Not long before Oscar night I watched, and thoroughly enjoyed, the movie Argo. So I was glad to hear Mr. Ben Affleck, a Boston area native, won an Oscar for his film.
My enjoyment of the film was partly diminished, though, by the historical narrative at the film’s beginning.
A brief sketch regarding Iran’s pre 1979/1980 history was necessary for the audience, and effective as a foundation from which the story could be told. But exclusionary bias, which is all too familiar in mainstream media, casts a pall over the actions and reputation of the United States, setting a negative tone. The viewer is nudged to think: “What a shame this happened….if only the U.S. had acted honorably in the first place.” Here is just some of what I mean.
The movie informs us:
•The people of Iran elected the secular democrat Mohammed Mossadeq Prime Minister in 1950.
•Mossadeq nationalized British and U.S. oil holdings returning this resource to the people of Iran.
•The U.S. and U.K. engineered a coup that deposed Mossadeq and installed Mohammad Reza Pahlavi as Shah.
First on points of fact:
Mossadeq was not Prime Minister in 1950. He did not become Prime Minister until 1951. The Prime Minister in 1950 was a man named Haj-Ali Razmara. Razmara, incidentally, was assassinated by a member of the fundamentalist Fadayan-e Islam. He was killed, partly, for opposing nationalization of Iran’s oil resources. The Shah nominated Mossadeq to be Prime Minister after Razmara’s death. He was elected by members of the Majlis (or Iran’s parliament). Mossadeq promptly nationalized the oil industry.
The movie omits the fact that the U.S. and U.K. were not the only players involved in the coup.
Fariborz Mokhtari may have communicated this idea best when he wrote the following for the Middle East Journal:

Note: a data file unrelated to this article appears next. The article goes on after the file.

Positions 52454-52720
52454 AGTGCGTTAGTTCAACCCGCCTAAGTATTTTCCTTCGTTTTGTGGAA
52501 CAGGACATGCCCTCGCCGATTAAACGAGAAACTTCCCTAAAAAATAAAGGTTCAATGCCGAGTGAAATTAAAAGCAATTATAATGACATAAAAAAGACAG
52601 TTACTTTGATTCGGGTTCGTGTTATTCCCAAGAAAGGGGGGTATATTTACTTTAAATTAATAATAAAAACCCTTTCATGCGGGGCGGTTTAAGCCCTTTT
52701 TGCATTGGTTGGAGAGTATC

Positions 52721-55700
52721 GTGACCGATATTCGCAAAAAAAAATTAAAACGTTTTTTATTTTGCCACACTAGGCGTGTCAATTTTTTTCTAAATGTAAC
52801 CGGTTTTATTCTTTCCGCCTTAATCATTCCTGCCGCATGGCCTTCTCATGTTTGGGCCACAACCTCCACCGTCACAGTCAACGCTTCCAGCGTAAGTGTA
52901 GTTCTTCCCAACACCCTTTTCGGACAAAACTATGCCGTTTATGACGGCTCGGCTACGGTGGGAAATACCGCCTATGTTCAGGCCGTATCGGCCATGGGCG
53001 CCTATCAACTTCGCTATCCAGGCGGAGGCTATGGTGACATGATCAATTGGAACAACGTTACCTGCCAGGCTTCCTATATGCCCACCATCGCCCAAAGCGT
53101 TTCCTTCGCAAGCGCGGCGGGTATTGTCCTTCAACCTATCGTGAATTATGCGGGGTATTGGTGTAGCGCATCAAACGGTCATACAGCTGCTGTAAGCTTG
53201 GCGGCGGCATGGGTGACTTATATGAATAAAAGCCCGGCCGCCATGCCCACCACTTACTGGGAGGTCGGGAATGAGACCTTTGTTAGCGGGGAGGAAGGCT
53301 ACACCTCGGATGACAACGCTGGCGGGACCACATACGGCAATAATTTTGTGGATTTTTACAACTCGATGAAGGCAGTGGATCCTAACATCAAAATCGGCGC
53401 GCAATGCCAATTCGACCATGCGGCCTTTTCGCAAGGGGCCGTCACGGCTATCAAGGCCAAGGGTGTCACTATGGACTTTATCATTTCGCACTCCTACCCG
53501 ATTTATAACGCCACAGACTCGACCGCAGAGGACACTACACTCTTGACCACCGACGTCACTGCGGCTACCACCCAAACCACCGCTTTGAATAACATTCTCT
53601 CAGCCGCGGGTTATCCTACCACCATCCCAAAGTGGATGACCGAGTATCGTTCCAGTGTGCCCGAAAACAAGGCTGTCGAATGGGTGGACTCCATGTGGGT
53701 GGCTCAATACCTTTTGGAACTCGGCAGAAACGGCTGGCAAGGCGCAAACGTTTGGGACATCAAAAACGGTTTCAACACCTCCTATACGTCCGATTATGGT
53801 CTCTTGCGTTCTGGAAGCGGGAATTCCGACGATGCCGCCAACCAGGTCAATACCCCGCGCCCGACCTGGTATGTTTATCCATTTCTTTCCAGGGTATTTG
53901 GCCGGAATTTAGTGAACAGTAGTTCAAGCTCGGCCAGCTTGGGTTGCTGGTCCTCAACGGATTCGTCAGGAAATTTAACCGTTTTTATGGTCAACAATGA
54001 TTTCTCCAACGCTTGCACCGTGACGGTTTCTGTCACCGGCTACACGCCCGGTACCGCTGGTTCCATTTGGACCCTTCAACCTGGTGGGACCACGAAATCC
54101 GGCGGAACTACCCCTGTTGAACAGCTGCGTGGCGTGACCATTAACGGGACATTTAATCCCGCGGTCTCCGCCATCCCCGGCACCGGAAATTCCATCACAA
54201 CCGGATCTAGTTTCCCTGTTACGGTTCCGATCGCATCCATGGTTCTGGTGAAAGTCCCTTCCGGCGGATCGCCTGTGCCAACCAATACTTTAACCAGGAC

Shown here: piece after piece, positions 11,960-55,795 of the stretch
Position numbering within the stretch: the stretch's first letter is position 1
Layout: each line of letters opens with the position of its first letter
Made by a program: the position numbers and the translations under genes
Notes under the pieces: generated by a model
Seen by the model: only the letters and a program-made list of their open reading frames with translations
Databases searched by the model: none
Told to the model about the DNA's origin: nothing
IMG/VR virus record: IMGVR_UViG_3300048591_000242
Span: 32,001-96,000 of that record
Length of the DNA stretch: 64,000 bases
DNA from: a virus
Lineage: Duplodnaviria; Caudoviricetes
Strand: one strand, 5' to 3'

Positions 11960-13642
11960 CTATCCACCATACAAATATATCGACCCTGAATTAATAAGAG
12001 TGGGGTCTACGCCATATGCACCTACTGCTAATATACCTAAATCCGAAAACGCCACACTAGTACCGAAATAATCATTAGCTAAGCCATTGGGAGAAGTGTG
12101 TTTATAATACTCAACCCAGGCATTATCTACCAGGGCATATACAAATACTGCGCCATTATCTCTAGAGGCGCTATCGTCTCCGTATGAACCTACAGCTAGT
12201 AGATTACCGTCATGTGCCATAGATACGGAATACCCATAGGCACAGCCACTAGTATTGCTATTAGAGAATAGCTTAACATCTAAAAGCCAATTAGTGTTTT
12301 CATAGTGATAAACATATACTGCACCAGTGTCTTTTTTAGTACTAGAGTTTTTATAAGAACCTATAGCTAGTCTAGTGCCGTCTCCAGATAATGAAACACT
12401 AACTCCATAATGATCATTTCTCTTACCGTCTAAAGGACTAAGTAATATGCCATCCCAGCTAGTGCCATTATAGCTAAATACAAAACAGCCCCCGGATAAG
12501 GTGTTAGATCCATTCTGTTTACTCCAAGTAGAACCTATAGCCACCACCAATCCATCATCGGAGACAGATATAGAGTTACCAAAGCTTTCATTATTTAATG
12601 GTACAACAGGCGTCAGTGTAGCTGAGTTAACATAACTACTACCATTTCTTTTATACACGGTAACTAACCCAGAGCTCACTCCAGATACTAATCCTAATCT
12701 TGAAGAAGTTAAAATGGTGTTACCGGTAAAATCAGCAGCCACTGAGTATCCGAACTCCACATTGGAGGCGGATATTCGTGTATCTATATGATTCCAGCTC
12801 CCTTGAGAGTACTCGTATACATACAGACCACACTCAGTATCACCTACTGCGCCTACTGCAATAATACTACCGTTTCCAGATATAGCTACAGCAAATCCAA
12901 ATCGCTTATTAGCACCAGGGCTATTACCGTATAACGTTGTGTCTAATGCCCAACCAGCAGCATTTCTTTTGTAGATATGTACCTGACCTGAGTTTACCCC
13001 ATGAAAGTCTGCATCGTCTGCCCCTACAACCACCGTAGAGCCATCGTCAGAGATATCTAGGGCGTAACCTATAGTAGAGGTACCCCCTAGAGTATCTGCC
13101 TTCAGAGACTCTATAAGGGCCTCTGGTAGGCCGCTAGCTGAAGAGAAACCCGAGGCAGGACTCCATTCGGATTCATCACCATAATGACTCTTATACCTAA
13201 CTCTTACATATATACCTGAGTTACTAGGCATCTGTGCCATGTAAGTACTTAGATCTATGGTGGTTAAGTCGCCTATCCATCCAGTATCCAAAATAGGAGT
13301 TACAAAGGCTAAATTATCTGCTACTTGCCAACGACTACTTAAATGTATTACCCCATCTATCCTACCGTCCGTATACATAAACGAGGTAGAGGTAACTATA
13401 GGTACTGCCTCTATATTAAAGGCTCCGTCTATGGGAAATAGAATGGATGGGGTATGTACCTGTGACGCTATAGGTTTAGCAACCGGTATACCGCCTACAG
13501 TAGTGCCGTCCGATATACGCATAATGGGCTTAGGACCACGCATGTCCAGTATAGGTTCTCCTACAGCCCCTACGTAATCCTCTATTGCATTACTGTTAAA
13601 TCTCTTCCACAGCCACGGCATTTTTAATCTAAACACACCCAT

“Fifty-five years ago a coup d'état ended Prime Minister Muhammad Mosaddeq's government in Iran on August 19, 1953. Numerous books and articles have analyzed the event but often have overlooked Iran's domestic dynamics. What is presented is nearly always a conspiracy theory that suggests American and British masters of intrigue subverted Iran entirely through their shady operators….A review of the coup and what precipitated it may offer some needed clarity.”
Some clarity is gained via a search of George Washington University’s National Security Archive. Such a search reveals a substantial role played by Iranian clerics in removing Mossadeq from power.
On points of analysis:
The movie would have one believe Mossadeq was some pure and honorable statesman elected to office by popular vote. A more complete story and an objective analysis of facts will cast suspicion and doubt on the purity of Mossadeq’s character.
First, to nationalize something basically means the government steals from private industry with little to no proper compensation. To say Mossadeq returned Iran’s oil resources to its people is a quasi-Marxist statement that really means nothing for those same people. We should ask the Venezuelan people how the nationalization of their oil industry in 1976, and further under Hugo Chavez, has worked out for them.
The facts of history demonstrate that Mossadeq’s ascendancy was hardly the result of a fair and honest nation-wide vote.
I should think the circumstances surrounding Razmara’s death would make Mossadeq person of interest number one.
Lastly GWU’s National Security Archive reveals further evidence shaking the claim that Mossadeq was a leader who held true to democratic principles:
“…Mossadeq’s Iran was not moving toward democracy. The Prime Minister’s increasing political isolation and the fragmentation of the National Front…had weakened his position and made him desperate. His dictatorial grab for power from the Majlis alienated his former allies and gained him new political enemies…”
To point out the obvious, this article is by no means a complete and authoritative account regarding the history of the events leading up to the 1953 Iranian coup. There is still much to learn and analyze.
The point is that in the court of opinion, Hollywood insists on finding the U.S. guilty. They do so by omitting inconvenient facts, producing flimsy evidence, and utilizing biased analysis.